I was adamantly against the Chicago Bears moving Kyle Long to right tackle last year, not because I didn’t think he could do it, but because of the timing of the move. If you recall, it was during prep for the season opening game against the Packers when the Bears decided to take their Pro Bowl right guard and make a right tackle out of him.
Long struggled that day, and he had peaks and valleys all season long, but the Bears felt in order to get their best five offensive linemen on the field, Long had to kick out to tackle.
Then swing tackle Charles Leno struggled on the right side during the 2015 preseason, so he wasn’t a viable option and the Bears felt better about their guard depth than their tackle depth, so the last minute decision was made to have Long play right tackle. I understood the move, I just wish the Bears had played him all offseason at tackle.
This year the circumstances surrounding the Bears’ offensive line is a little different. They still want to get their best 5 on the field, but recent changes to the roster means another o-line shuffle will take place in week one practice.
When the Packers cut Josh Sitton, Pro Bowl guard in three of the last fours years, the Bears quickly pounced. Adding a talent like Sitton caused the Bears to remove promising rookie Cody Whitehair from the left guard spot he has manned all offseason.
At this point in their careers Sitton is clearly the better player, so that was a no-brainer. Sure Sitton could have played center, but as a free agent, he probably felt comfortable staying at guard.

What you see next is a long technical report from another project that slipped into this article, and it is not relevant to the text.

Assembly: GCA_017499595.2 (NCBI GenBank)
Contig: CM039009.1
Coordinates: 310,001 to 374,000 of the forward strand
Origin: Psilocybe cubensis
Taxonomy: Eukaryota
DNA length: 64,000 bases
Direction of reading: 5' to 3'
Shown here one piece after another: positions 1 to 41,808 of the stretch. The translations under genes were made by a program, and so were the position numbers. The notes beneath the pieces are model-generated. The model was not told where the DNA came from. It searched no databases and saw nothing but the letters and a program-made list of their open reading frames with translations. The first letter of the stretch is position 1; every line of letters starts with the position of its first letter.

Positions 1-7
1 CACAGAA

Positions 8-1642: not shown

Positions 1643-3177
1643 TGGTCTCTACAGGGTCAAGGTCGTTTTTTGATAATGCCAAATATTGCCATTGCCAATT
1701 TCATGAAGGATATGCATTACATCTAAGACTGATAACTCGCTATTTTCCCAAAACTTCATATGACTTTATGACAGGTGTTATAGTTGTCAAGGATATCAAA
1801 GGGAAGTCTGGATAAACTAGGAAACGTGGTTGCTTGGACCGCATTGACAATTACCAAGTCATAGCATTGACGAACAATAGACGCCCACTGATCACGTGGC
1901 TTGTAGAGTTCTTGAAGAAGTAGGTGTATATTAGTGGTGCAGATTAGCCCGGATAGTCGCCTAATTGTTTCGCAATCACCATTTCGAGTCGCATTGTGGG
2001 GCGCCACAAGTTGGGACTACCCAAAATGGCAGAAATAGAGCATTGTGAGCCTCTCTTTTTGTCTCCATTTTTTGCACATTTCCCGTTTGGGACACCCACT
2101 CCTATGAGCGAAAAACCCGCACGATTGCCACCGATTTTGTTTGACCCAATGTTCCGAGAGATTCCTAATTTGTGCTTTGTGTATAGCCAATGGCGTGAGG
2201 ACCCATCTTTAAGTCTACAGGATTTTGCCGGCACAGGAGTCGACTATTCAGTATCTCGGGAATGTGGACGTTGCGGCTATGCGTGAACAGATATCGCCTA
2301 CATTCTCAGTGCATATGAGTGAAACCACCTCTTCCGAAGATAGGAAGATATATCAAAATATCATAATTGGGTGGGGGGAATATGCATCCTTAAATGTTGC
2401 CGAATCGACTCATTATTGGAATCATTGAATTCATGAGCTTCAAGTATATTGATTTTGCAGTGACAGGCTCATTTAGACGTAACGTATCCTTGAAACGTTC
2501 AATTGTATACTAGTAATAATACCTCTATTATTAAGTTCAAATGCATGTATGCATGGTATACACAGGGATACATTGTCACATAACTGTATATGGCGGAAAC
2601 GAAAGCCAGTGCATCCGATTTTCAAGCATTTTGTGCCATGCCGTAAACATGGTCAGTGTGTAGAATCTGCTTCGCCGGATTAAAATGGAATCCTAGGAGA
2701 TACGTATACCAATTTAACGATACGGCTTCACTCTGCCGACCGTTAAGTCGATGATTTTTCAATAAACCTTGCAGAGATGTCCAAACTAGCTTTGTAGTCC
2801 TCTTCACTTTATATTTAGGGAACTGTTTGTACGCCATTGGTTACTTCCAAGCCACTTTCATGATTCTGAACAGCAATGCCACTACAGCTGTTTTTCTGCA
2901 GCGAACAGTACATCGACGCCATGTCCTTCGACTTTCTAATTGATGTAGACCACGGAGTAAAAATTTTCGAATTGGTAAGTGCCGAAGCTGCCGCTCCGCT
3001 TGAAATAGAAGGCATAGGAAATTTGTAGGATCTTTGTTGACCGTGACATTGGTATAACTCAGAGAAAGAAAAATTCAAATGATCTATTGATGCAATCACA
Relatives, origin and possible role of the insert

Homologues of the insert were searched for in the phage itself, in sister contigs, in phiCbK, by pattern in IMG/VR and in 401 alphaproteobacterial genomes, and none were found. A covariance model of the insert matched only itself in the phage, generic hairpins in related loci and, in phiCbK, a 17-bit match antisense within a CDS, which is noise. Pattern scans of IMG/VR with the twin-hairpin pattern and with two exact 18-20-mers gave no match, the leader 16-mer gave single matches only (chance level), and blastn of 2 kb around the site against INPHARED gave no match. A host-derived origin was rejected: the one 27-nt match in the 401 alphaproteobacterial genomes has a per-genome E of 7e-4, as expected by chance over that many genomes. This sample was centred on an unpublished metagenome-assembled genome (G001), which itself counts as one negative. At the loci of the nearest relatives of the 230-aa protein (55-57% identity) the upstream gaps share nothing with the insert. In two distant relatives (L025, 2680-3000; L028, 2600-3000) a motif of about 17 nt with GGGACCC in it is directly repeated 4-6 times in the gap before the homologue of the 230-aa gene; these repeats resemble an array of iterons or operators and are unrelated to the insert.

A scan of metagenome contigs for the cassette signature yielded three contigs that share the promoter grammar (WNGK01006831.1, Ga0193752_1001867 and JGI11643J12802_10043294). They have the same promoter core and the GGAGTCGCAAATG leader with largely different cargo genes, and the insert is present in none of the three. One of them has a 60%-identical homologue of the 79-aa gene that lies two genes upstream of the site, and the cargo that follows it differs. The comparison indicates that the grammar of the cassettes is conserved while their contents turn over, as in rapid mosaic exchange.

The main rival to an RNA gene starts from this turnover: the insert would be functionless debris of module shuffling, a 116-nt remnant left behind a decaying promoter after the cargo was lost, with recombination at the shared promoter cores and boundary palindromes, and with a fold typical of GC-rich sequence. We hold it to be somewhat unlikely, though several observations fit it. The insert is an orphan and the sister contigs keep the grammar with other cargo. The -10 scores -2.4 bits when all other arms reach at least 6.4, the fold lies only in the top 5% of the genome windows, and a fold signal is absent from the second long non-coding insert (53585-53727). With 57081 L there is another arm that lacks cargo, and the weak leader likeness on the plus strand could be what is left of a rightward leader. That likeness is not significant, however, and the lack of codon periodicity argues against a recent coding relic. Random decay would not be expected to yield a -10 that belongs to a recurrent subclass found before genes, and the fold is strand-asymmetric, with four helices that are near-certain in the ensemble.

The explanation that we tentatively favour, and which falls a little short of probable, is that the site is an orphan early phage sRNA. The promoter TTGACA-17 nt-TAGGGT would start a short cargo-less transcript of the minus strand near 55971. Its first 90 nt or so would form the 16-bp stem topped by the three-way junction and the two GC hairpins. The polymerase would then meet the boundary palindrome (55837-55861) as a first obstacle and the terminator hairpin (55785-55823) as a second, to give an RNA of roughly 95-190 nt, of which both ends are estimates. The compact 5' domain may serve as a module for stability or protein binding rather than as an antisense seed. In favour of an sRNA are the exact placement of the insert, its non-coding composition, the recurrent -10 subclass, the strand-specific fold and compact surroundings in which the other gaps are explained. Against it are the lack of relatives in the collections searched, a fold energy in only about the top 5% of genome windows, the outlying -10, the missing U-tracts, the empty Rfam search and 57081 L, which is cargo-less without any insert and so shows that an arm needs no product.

But to the left of Sitton, center Ted Larsen is a serviceable veteran that would probably be best as a back up. Larsen looked much better at center, rather than his stint at guard this preseason, but at this point in the 29 year old’s career, he is what he is. Whitehair looked a little sloppy in the handful of snaps he had at center in the 1st preseason game, but I still think he deserves to be on the field week one.
Even if that means he’s playing center.
Long had 2 plus years to work on his guard technique before being told he’d have to learn tackle. Muscle memory was set in and he was the anchor of that line.
Whitehair, a college left tackle, has spent this offseason mostly learning left guard, although he was stealing a few reps here and there at center. I’m sure his comfort level at guard was coming along, but his job/technique wasn’t second nature to him yet. Sliding to the middle at this point will be difficult, but not impossible.
Larsen may even be a better center right now at this very second, but I don’t care. Play the rookie immediately. Get his growing pains out of the way as soon as possible. If he struggles this week at practice with shotgun snaps, then keep Jay Cutler under center.
The flip side to this argument is let Larsen start on the road in the season opener, not only because of his comfort level and the possible discomfort level of Whitehair, but because the Bears could use the savvy veteran Larsen helping new left guard Sitton, who probably won’t be up to speed on his new playbook.
We’re not talking about a drastic scheme change for Sitton, who knows how to zone block the running game. The pass protection schemes could be problematic for him, but left tackle Charles Leno Jr. could nudge him in the right direction when the Bears take to the air.
Larsen is currently listed as the starting center on Chicago's depth chart, with Whitehair as the #2. I also find it interesting that Larsen is listed as a back up guard while Whitehair only backs up center. It could mean nothing, or it could mean that the coaching staff wants Whitehair to focus his studies solely on center so he may take the job as soon as possible.
I see both sides to this dilemma, but if the Bears truly feel Whitehair has the skills to be their center, then play him.
Play him now.